Assessing Rates of Noninfectious Vitritis after Intravitreal Injection of Anti-VEGF Agents

July 18, 2016

Although intravitreal injection of anti-vascular endothelial growth factor (VEGF) agents has become the therapeutic mainstay for diabetic macular edema and neovascular age-related macular degeneration, it poses a risk of noninfectious uveitis or infectious endopthalmitis.

Although intravitreal injection of anti-vascular endothelial growth factor (VEGF) agents has become the therapeutic mainstay for diabetic macular edema and neovascular age-related macular degeneration, it poses a risk of noninfectious uveitis or infectious endopthalmitis. However, whether the cause of uveitis after injection is infectious or noninfectious often cannot be determined.

This difficulty occurs for several reasons. For example, eyes of patients with these inflammatory conditions often look the same and cause the same symptoms whether the cause is infectious or not. In addition, infectious cases may be associated with false-negative culture results, and the need to initiate empirical therapy quickly may prevent the cause from being determined definitively.

Although the etiology of infectious endophthalmitis is well understood, much is still unknown about the pathophysiology of noninfectious uveitis after intravitreal injection of anti-VEGF agents. Clinicians have speculated that noninfectious uveitis may result from an immune reaction to the agent itself or to possible impurities accumulated during its manufacture, storage, or preparation, and that these factors may differ for each anti-VEGF agent.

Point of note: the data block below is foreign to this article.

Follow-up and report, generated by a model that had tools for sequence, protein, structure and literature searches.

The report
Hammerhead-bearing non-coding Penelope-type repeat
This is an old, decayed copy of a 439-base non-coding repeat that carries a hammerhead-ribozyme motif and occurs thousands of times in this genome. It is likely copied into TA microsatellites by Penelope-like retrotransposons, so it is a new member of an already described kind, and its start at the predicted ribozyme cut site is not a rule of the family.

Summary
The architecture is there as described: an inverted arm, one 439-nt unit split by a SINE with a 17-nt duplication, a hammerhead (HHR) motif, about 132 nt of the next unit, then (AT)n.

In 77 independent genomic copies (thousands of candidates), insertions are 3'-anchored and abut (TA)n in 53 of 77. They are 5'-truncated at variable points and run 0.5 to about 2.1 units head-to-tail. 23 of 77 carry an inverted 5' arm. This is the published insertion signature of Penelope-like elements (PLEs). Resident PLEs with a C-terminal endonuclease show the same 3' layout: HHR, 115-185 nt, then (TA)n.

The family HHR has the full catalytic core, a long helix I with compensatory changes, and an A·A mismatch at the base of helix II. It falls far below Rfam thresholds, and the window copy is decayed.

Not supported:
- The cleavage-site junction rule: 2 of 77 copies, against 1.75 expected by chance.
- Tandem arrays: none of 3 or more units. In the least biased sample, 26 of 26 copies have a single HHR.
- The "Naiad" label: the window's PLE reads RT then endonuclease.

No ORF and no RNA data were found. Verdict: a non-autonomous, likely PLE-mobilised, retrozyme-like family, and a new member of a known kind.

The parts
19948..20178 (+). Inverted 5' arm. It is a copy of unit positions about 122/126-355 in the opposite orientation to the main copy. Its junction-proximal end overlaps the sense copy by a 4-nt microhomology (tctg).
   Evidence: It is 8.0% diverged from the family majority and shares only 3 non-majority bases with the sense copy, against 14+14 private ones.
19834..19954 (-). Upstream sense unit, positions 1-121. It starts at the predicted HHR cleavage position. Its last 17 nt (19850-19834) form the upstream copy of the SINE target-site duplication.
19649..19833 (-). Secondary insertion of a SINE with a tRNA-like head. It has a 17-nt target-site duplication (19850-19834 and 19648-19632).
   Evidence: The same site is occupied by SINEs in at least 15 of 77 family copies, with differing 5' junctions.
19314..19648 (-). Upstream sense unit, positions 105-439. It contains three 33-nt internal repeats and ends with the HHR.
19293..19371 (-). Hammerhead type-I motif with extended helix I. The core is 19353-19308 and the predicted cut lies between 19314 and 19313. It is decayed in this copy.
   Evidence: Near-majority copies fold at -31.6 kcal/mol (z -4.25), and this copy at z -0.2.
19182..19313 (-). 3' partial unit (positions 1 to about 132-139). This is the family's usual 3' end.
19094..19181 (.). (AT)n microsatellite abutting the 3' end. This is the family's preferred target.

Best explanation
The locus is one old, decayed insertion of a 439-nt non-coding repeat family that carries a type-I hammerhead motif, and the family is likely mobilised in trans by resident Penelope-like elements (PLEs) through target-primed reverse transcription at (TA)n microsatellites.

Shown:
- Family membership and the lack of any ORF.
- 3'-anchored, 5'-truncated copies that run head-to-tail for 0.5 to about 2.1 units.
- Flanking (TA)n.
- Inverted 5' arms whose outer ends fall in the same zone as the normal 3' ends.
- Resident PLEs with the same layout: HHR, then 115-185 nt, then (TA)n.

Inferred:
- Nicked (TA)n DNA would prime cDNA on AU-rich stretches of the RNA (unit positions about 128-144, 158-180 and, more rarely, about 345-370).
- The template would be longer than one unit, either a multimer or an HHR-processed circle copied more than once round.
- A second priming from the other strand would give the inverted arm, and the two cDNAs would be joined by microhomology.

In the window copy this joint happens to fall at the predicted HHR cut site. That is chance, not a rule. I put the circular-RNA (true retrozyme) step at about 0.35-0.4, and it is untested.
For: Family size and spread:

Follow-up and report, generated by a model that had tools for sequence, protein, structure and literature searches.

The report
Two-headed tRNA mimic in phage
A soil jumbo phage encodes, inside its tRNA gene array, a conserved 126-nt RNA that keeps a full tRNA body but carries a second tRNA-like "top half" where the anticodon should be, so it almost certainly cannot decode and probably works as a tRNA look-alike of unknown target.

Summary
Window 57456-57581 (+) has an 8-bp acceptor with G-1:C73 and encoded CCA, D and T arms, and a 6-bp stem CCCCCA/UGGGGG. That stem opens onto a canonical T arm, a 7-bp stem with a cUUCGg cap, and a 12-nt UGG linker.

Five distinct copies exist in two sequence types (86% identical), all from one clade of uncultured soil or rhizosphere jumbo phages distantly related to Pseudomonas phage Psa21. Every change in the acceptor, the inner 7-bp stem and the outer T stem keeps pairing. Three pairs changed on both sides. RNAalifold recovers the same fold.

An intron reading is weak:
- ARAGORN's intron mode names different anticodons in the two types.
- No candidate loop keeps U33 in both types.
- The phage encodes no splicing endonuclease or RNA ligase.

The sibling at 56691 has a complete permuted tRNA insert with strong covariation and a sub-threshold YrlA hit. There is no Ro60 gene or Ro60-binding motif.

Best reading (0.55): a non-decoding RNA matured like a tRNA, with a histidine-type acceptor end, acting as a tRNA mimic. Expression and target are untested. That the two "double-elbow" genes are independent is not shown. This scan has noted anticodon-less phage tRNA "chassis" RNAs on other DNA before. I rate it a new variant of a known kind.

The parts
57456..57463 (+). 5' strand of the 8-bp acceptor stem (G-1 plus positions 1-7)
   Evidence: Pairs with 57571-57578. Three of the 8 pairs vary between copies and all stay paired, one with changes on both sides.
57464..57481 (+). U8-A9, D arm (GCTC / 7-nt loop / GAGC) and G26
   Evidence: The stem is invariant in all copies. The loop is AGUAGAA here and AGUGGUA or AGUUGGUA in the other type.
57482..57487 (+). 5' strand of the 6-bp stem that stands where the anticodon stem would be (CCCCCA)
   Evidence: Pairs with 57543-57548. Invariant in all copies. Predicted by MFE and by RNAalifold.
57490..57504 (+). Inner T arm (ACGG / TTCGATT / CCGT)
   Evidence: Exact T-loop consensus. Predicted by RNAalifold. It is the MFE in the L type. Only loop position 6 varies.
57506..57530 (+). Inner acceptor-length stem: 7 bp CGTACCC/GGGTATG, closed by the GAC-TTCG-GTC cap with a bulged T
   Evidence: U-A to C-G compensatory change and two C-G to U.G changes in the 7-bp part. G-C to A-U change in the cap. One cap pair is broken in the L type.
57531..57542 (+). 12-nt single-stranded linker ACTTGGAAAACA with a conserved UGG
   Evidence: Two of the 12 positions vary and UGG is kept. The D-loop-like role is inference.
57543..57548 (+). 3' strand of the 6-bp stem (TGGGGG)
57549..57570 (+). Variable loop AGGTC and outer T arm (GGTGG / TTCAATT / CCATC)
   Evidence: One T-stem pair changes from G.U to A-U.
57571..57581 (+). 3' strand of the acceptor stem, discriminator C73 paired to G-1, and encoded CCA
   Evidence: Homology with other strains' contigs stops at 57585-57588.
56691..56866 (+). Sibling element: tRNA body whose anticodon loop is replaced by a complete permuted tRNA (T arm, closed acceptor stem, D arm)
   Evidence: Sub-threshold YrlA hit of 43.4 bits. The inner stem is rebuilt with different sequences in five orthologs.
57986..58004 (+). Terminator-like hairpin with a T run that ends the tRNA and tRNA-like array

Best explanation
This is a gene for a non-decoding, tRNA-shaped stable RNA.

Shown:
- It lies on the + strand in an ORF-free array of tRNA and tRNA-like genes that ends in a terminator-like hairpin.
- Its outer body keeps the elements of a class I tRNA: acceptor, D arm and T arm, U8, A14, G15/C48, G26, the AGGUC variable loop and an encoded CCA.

To describe and compare rates and characteristics of noninfectious vitritis after intravitreal injection of bevacizumab (Avastin/Roche), ranibizumab (Lucentis/Roche), and aflibercept (Eylea/Regeneron), a team of clinical investigators retrospectively analyzed a series of cases of noninfectious vitritis that resulted within 7 days after intravitreal injections of these agents. Injections were given from 2006 to 2013 at Texas Retina Associates, a single, multicenter, retina-only private practice in Dallas, TX. The study was reported in a recent issue of Retina.

Rates of noninfectious vitritis by agent in this case series were as follows:

  • Avastin: 0.10% (67 cases in 66,356 injections)
  • Lucentis: 0.02% (6 cases in 26,161 injections)
  • Eylea: 0.16% (13 cases in 8071 injections)

Differences in these rates were found to be statistically significant at the P < 0.001 level.

The percentage of patients who complained of pain, blurred vision, and floaters did not differ by agent to a statistically significant degree, and neither did mean differences in visual decline. However, the percentage of patients with any visual decline did vary significantly by agent (P < 0.05). Vision loss occurred in 70% (47/67) of Avastin cases, 100% (6/6) of Lucentis cases, and 38% (5/13) of Eylea cases, but visual acuity improved to baseline levels in most cases regardless of the agent used.

Cases occurred after many previous injections as well as after only a few, and average time to onset of symptoms differed little by agent. However, cases associated with Avastin and Eylea injections tended to occur in separate chronological clusters. Three lots of Avastin had 3 or more cases, whereas no lots of Eylea had more than 2 cases. However, 9 of the 13 Eylea cases were linked to a single technician who prepared the medication, which suggests that the cause was related to office handling and preparation instead of a lapse in quality control during manufacturing.